Filename/number

Digital cameras automatically give each photo a unique filename, usually consisting of a series of letters and then a number. There is one key option to be aware of – you can have the camera start renumbering from scratch each time you erase/format the memory card, or you can have it continue from the last number. This second option is the one to choose because it means that you won’t get duplicate filenames later on your computer.

Depth of field preview

Usually you view the scene with the camera lens wide open and it only stops down to your chosen aperture the moment you press the shutter button, so it’s hard to judge just how much depth of field the final photo will have. The depth of field preview stops the lens down to the taking aperture, though, so you can judge the effect in the viewfinder or on the LCD display.

Custom settings

Most advanced cameras offer a custom settings menu for changing the behaviour of the camera’s controls to better suit the way you like to work. For example, you might want to change the direction of the control dials, or the order in which bracketed exposures are taken.

Control dial

A wheel on the camera body which you turn with a finger or your thumb to change one of the camera settings. The control wheel’s function will depend on the mode or function you’ve selected. More advanced cameras have two control wheels for quicker adjustments.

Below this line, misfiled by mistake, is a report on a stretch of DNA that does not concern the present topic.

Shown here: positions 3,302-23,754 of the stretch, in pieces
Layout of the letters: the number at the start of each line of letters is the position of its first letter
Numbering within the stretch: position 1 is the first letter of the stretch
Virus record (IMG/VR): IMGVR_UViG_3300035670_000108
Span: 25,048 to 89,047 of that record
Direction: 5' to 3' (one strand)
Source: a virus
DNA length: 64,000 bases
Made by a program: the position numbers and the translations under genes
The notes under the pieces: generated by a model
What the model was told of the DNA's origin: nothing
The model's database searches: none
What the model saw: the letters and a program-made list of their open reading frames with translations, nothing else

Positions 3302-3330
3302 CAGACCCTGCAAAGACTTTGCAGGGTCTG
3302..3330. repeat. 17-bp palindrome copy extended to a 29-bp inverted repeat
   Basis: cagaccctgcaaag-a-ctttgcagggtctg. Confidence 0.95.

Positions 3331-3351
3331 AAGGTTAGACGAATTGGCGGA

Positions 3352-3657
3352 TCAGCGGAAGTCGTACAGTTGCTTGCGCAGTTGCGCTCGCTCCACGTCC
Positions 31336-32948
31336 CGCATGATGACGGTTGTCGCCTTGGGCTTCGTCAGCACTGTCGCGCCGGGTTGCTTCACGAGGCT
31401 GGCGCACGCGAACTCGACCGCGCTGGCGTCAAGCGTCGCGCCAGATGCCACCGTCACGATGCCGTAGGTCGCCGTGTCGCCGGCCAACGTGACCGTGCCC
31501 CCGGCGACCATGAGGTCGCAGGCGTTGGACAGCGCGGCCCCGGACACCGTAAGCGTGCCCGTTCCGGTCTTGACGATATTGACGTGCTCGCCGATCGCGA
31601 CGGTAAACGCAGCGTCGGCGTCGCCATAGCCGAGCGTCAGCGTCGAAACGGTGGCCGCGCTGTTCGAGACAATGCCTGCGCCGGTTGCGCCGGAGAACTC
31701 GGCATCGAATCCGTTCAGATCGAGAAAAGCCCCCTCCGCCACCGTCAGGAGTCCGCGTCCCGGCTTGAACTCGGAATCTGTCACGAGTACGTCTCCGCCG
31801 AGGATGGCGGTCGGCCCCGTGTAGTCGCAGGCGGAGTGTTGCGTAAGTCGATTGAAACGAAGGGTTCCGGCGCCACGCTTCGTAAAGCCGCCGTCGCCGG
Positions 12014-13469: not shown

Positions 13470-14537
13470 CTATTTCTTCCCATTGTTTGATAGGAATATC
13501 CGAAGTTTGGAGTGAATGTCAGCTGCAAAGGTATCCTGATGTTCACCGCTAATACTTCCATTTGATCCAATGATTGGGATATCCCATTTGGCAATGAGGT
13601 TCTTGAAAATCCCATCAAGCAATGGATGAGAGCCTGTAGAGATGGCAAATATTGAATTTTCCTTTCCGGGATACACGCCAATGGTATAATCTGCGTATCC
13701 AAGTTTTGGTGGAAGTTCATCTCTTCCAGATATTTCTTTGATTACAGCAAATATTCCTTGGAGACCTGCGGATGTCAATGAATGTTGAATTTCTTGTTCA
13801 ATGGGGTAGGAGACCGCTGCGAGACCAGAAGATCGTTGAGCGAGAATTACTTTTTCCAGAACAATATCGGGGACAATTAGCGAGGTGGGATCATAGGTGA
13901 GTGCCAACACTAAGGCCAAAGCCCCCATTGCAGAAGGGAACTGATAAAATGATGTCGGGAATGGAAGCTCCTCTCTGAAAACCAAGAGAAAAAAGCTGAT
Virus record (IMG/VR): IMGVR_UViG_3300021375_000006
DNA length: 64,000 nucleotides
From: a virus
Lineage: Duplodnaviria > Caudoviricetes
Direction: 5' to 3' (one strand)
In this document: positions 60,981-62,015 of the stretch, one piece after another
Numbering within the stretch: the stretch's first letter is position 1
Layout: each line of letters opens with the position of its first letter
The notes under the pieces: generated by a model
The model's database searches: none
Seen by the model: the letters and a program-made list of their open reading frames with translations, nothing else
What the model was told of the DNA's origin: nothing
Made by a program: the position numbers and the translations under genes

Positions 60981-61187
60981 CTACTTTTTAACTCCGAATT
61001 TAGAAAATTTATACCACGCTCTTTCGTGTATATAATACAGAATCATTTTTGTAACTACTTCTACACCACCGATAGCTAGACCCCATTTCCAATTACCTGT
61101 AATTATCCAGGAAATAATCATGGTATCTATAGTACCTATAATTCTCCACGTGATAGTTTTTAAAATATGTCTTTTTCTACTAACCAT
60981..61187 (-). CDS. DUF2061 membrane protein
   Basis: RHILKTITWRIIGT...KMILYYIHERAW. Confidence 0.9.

Colour temperature

A traditional technical measurement for the white balance setting that uses temperature values in degrees Kelvin rather than named presets like ‘Direct Sunlight’, ‘Cloudy’ and so on. Colour temperature is used for choosing and controlling the colour of photographic lighting equipment and you can use it an alternative to white balance presets on more advanced cameras.

Buffer

This is short-term internal memory used by the camera to store image data captured by the sensor while it’s waiting to be processed and saved to the memory card. It becomes important in the camera’s continuous shooting mode because the camera can capture photos faster than it can save them, so before long this buffer fills up. The larger the buffer, the longer you can keep shooting.